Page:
The International Association of Institutes of Navigation (IAIN) - 19/01/2008
The IAIN is a non-governmental, non-profit-making organisation with the objective of uniting national and multinational institutes and organisations that aim to foster human activities at sea, in the air, in space and on land, and that may benefit from the development of the science and practice of navigation and related information techniques.<P>
The International AssociationofInstitutes of Navigation (IAIN) is registered in The Netherlands as an international association and comprises Institutes of Navigation (IONs) worldwide, Associate Members, Corporate Members and Corresponding Members. There are 19 national/regional IONs that are members of IAIN, one Associate Member and three Corresponding Members (see web reference 1).
Beginning in 1957, a series of conferences sponsored by the British, French and German IONs were held at three-year intervals to discuss technical navigation issues. The separation of vessels in highly congested areas was of primary concern. In 1964, the International Maritime (then Consultative) Organisation (IMCO) accepted a report prepared by the three IONs on Traffic Regulation in the Dover Strait. In 1968, a further report on the Separation of Traffic at Sea was accepted by the Maritime Safety Committee of the IMCO.
The three IONs thus pointed the way for establishing standards in the international maritime community and could be expected to influence future international developments in marine navigation. It was also clear that a properly constituted international body with consultative status at the IMCO was needed. This matter was brought before all IONs in 1969 by the presidents of the British and American IONs. They proposed the formation of an international council of IONs and distributed a draft constitution for discussion.
Early in 1975, the presidents of the IONs in Australia, France, Germany, Italy, Japan, the UK and the USA agreed to the formal declaration of an IAIN. The first General Assembly was held in London, and the first constitution was adopted on 15th October 1975. In 1976, the IAINwas granted consultative status to the International Maritime Organization (IMO). Since then, many proposals and technical papers on different subjects have been put forward to the IMO on matters such as traffic separation, collision regulations, accuracy standards for navigation and matters affecting the use of Global Navigation Satellite Systems (GNSS).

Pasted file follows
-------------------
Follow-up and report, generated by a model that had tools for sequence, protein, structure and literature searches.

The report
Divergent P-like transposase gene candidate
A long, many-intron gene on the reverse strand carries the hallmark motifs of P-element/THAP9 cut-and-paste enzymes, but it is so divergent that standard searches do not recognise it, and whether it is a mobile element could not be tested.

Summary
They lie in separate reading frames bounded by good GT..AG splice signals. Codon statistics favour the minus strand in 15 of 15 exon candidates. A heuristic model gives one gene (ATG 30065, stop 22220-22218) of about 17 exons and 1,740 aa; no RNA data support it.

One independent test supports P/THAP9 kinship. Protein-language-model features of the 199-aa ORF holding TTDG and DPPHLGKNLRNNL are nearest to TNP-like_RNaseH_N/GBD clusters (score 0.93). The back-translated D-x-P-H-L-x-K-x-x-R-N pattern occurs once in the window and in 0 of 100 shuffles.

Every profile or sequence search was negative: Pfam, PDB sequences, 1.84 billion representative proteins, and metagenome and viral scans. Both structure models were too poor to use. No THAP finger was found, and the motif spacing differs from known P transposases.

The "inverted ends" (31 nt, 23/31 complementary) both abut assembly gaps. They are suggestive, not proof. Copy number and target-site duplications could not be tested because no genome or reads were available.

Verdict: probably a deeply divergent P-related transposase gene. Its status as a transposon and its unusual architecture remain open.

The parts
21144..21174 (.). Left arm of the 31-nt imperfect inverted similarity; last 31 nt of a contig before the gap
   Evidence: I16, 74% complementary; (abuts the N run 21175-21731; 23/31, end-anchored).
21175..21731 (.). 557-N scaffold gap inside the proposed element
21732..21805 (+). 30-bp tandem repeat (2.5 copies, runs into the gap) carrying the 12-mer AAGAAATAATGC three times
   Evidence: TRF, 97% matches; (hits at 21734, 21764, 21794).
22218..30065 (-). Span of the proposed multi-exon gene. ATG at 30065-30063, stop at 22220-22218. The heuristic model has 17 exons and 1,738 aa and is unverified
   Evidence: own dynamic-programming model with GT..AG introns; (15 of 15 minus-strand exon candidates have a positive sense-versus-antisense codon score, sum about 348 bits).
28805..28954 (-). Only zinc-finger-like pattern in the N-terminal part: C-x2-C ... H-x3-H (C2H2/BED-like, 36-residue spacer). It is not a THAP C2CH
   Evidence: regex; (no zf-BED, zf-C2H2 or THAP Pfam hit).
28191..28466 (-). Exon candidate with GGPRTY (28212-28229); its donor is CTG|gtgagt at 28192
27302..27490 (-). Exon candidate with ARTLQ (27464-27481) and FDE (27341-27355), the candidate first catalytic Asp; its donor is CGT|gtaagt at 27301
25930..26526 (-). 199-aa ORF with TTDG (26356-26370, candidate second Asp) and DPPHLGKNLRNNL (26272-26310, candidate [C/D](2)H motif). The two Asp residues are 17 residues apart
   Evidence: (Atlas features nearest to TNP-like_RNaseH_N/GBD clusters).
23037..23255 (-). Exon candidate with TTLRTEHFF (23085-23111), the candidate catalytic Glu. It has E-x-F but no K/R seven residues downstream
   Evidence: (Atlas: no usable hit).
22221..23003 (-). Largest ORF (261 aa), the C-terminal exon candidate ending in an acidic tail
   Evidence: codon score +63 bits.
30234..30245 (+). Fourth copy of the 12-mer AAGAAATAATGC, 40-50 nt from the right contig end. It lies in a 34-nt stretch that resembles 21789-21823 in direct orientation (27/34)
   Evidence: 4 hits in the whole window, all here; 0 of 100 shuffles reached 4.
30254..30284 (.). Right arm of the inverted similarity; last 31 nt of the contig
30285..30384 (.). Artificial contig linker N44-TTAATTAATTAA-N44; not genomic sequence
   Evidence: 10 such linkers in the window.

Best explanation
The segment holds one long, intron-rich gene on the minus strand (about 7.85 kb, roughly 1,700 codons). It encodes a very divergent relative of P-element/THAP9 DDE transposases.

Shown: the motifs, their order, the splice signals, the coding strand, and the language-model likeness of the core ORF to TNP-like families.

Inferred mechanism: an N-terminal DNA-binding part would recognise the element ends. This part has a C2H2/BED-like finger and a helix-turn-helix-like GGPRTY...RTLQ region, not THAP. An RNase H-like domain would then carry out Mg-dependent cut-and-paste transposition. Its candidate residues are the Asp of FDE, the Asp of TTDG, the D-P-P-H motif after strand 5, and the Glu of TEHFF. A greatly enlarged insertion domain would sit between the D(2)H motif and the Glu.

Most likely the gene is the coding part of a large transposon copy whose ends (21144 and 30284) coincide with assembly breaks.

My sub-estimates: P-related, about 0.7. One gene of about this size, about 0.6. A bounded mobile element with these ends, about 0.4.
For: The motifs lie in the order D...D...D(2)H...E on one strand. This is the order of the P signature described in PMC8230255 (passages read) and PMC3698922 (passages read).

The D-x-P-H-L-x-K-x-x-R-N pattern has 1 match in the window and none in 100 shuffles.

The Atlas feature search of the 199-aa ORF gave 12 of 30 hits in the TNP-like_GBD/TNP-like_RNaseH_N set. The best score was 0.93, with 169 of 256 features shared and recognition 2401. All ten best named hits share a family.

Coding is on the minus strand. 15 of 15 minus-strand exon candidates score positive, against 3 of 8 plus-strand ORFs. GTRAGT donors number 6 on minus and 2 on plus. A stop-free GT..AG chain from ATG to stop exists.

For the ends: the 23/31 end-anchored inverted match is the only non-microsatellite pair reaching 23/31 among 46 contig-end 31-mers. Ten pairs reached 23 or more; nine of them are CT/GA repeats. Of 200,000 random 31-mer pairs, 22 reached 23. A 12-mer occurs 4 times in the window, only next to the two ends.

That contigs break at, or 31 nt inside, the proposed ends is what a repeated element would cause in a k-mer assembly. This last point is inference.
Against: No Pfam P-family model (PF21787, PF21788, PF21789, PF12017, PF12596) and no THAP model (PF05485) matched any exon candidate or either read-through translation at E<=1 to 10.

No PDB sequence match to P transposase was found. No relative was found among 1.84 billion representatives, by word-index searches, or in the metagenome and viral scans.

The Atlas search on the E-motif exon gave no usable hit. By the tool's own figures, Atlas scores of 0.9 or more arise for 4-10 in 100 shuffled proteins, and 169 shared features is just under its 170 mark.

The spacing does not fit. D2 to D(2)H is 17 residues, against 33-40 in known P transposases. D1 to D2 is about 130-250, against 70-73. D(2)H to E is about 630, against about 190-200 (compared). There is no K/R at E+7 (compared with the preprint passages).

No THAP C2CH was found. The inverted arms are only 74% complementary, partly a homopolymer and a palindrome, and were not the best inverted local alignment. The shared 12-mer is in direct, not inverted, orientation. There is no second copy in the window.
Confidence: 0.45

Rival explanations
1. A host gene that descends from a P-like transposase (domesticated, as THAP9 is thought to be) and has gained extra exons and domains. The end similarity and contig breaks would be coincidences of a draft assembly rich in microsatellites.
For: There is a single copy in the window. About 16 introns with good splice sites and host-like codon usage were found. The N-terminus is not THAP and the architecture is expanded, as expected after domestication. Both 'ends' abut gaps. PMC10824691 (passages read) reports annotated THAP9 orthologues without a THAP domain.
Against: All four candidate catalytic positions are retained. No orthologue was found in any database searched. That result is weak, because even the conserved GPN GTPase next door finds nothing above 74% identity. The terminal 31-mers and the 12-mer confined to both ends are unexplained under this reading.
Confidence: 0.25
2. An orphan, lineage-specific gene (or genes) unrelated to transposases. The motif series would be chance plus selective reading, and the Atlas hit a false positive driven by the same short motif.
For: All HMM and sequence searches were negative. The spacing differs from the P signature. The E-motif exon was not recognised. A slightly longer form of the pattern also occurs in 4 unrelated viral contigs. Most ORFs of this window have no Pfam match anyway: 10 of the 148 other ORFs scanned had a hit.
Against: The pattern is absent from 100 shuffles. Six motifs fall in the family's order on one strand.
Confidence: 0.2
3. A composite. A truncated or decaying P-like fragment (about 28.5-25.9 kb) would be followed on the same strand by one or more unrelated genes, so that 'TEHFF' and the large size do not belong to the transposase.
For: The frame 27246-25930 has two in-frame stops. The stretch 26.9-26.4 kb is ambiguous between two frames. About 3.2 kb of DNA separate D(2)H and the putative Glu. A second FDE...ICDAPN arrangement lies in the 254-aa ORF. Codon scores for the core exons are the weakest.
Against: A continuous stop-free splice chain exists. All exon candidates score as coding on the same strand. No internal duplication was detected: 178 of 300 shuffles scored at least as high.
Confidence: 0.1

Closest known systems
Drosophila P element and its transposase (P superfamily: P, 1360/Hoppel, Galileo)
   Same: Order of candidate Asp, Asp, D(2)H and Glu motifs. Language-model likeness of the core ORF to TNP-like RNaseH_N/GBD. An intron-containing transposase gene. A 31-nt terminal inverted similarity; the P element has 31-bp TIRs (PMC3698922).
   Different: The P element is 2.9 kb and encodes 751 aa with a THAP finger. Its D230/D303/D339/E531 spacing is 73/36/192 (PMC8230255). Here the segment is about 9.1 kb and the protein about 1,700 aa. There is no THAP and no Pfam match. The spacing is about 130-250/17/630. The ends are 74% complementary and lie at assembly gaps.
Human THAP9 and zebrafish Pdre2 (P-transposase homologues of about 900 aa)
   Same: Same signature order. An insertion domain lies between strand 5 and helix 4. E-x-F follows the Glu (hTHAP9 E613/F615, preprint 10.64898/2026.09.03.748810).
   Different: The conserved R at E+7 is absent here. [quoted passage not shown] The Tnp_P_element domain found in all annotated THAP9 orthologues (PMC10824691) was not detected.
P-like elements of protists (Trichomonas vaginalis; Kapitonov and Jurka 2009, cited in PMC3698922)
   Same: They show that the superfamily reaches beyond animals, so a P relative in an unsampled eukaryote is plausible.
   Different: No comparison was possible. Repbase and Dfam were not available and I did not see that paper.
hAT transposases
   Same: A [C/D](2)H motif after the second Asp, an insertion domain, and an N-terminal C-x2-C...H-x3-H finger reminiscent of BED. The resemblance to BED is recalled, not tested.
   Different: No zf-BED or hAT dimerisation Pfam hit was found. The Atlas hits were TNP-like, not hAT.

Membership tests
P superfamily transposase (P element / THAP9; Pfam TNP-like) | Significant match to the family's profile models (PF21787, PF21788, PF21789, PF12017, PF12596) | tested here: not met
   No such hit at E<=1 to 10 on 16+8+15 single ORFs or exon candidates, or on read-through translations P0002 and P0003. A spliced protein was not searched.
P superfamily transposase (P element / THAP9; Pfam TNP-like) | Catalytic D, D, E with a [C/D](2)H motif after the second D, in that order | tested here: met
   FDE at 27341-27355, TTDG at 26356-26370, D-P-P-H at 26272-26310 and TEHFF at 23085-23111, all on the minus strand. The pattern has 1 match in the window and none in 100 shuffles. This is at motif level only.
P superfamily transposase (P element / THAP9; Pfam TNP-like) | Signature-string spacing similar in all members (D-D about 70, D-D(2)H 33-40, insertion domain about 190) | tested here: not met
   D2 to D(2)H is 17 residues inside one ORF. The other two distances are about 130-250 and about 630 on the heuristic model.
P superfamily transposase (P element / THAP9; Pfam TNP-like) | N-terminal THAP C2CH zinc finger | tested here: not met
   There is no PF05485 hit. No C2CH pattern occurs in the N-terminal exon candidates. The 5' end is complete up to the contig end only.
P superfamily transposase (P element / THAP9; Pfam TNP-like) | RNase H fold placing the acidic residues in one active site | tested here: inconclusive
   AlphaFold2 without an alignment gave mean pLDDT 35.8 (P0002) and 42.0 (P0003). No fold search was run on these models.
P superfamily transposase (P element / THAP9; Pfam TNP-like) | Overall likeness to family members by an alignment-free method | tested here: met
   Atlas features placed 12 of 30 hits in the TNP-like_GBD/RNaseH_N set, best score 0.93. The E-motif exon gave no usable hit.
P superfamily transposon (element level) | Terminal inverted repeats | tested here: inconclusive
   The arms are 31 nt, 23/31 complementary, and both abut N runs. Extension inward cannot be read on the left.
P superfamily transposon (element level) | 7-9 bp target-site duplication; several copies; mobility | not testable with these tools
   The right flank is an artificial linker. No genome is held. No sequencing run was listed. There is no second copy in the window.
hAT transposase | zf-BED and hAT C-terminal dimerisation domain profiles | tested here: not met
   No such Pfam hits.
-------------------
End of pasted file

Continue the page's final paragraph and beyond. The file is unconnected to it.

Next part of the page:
In 1985, the IAIN was given consultative status to the International Civil Aviation Organization (ICAO). Recommendations on the use of a worldwide geodetic system were made by the IAIN, which were adopted by the ICAO Future Air Navigation System (FANS) Committee.
Since 1982, as a member of the International VTS Organisation Committee, the IAIN has been taking an active part in the congresses held at Bremen, Marseille, Göteborg and Vancouver.
International Congresses of the IAIN were held in Cambridge, MA, in 1976; Brighton (UK) in 1979; Paris in 1982; Tokyo in 1985; Sydney in 1988; Cairo in 1991; Beijing in 1994, Amsterdam in 1997; San Diego, CA, in 2000; Berlin in 2003; and Jeju, South Korea, in 2006. The next IAIN congress will be held in Stockholm (Sweden) in 2009.
The IAIN is presently promoting an international institutional solution for a GNSS in the International Committee on GNSS (ICG) of the United Nations Office for Outer Space Affairs and is encouraging the interoperability of a navigation and communication system infrastructure for use on land, at sea, in the air and in space.
The president of the IAIN, Dick Smith of the Royal Institute of Navigation, is participating as international Board Member in the US National Positioning, Navigation and Timing Advisory Board.
IAIN representatives participate in the IMO, IHO and ICAO where IAIN has consultative status.
Air Commodore Norman Bonnor, IESSG, University of Nottingham, University Park, Nottingham NG7 2RD, UK. Phone: +44 115 9513918; email@example.com
Last updated: 02/06/2020